2. AFTER THE GAME, THE GUARDS GOT AFTER THE FRONT-LINE PLAYERS. Calipari told Leach that there was a frank discussion.
“I was happy that a couple of the guards said some stuff after the game,” Calipari said. “It’s better not coming from me. You’ve got to have courage and go play. . . . You’ve either got to play or let somebody else play, and that’s how it is. I told Isaac and Tai (Wynyard) afterward, earn minutes in practice and I’ll play you. You’ve got to be able to rebound. If you can’t come up with a rebound and you played 12 minutes, and you’re next to the basket, think about it. Come on now.”
3. TYLER ULIS AND JAMAL MURRAY WERE GOOD, BUT THEY NEED HELP. Ulis carried Kentucky in the first half and finished with 23 points and six assists. Murray heated up in the second half, got the Wildcats back into the game, and finished with 21 points.
Calipari praised Ulis and said Murray is improving, though he still is “messing around with the ball too much instead of going to the rim.”
But Isaiah Briscoe struggled. When he wasn’t taking ill-advised jump shots (he went 2-6 from the field) he was missing free throws after drives to the basket (1 for 7). Kentucky needs his defense and rebounding, but the free-throws may begin to keep him off the court.
4. MULDER WAS A BRIGHT SPOT. The 6-4 junior guard from Canada by way of Vincennes University played just 14 minutes but was Kentucky’s leading rebounder with eight, and added five points.
“He had an opportunity, got in there and rebounded the ball and did some good things and showed his athleticism,” Calipari said.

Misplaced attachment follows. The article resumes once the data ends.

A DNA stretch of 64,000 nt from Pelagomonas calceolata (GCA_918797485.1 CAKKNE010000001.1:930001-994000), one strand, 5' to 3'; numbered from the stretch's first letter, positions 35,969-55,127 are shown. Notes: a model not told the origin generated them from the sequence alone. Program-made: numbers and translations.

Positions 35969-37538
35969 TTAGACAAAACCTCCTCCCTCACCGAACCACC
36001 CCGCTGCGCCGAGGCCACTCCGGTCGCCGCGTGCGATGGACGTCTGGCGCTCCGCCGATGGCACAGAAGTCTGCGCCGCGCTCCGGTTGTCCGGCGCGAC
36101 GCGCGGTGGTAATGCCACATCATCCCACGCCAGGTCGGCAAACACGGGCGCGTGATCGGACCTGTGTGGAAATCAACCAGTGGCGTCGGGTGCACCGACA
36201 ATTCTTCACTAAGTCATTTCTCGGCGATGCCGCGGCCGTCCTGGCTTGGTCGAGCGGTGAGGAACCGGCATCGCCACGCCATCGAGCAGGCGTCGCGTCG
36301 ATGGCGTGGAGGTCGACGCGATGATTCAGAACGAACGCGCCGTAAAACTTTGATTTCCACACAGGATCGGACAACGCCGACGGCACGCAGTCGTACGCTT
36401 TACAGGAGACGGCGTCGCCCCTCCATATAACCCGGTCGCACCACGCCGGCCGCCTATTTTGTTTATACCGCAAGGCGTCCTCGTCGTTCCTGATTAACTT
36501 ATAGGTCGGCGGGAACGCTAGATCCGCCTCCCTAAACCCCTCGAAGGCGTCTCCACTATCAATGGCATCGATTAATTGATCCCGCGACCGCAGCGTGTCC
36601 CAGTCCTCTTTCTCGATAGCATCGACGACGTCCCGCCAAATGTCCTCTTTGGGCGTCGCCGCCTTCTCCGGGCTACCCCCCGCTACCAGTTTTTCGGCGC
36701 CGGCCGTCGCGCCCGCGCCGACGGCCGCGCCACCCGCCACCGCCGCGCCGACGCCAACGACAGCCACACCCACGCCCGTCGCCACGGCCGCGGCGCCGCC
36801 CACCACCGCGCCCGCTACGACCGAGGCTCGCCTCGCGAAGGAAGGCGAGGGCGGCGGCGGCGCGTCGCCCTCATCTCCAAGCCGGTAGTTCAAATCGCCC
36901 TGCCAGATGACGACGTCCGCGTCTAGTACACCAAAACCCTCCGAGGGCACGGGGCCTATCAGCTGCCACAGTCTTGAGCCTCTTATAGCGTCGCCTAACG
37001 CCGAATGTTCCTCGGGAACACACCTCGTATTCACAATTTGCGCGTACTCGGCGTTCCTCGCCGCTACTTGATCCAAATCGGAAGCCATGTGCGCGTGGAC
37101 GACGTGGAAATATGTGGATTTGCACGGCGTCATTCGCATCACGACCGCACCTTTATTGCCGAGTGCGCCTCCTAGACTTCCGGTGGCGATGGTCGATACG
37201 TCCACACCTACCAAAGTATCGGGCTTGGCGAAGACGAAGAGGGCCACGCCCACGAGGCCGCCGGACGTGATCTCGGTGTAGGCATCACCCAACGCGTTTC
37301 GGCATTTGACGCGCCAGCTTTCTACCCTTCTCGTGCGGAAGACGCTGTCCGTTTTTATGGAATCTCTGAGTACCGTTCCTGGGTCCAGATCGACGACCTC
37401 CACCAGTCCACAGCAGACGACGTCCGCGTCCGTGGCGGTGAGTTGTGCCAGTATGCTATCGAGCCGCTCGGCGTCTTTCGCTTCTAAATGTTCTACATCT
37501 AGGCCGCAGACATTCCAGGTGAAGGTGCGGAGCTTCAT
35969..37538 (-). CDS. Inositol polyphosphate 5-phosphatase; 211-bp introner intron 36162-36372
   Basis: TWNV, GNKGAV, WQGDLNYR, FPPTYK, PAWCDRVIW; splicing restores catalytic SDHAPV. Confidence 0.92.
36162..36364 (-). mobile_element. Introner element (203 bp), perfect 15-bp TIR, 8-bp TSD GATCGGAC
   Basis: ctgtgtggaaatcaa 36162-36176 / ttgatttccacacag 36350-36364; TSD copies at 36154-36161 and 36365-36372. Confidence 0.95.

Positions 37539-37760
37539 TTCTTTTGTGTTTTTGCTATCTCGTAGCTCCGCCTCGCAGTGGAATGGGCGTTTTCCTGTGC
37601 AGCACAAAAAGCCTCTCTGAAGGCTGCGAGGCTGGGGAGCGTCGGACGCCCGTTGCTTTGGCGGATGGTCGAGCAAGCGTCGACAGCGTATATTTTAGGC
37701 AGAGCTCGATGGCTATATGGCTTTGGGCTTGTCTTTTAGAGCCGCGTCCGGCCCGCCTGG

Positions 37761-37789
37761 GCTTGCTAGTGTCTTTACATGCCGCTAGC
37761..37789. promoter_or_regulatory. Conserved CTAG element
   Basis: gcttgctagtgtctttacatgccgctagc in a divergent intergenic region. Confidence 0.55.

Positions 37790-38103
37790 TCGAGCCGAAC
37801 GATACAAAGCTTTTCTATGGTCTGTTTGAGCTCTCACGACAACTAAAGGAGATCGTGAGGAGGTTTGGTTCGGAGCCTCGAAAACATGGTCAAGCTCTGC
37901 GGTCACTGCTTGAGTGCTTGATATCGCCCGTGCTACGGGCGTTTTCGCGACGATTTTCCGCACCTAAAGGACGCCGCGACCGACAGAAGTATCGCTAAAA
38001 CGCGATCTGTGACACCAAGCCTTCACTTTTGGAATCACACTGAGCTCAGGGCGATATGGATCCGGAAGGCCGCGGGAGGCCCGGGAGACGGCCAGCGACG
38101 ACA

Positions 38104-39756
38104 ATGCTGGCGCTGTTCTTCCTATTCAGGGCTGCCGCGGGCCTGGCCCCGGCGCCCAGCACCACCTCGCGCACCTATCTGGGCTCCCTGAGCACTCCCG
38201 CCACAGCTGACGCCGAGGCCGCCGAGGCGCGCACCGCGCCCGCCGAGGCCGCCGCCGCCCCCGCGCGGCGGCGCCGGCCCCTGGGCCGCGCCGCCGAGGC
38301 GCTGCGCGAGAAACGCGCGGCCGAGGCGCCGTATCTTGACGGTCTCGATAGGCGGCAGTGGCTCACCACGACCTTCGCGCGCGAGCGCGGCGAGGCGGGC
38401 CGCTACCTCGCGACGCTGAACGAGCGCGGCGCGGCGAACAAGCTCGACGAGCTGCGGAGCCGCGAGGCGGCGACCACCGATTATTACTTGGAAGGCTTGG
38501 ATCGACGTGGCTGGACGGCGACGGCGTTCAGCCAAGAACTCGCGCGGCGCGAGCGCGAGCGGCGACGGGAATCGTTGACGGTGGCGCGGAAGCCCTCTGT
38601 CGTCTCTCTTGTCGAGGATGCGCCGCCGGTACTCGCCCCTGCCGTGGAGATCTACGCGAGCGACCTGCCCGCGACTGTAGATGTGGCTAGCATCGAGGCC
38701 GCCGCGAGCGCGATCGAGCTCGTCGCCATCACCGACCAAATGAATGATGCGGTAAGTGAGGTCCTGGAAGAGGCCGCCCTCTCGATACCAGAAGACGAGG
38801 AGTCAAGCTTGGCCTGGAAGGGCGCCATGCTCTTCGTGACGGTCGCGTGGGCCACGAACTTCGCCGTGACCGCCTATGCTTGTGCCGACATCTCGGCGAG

5. STARS OF THE GAME. ESPN interviewed Simmons after the game, and it’s to be expected. He’s the future No. 1 draft pick, and he’s the guy everyone is interested in him. But ESPN’s over the top selling of Simmons is grating. At one point during a timeout while Simmons was on the bench with two fouls in the first half, an ESPN studio host started chanting, “We want Ben! We want Ben!” It’d be nice if they toned it down.
Simmons, truthfully, is deserving of hype. But Tuesday night, LSU guard Tim Quarterman was outstanding, finishing with 21 points, 10 rebounds and 7 assists. And Craig Victor II had 15 points and a game-high 12 rebounds.
Three LSU players rebounding in double digits, and the Tigers shot 49.2 percent for the game.
6. CALIPARI’S FINAL TAKE. In concluding with Leach, Calipari said: “We played awful, let’s get better. It’s pretty simple. We had some guys that didn’t compete, didn’t want to fight, didn’t want to battle, just want to play. Well, you picked the wrong school for that, because every team we play, they’re coming out fighting and battling, and you’ve got to be that guy. And we didn’t. And it’s a shame for some of the guys because this was a big game where people were going to evaluate what they were and what we were, and not a good result. But it’s early enough in the season, we can do some stuff. We’ll get better. We’ve got no choice.”
7. NEXT UP. The Wildcats visit Alabama (9-3) at 6 p.m. Saturday, before returning home to play Mississippi State next Tuesday.
FINAL STATS (click to enlarge)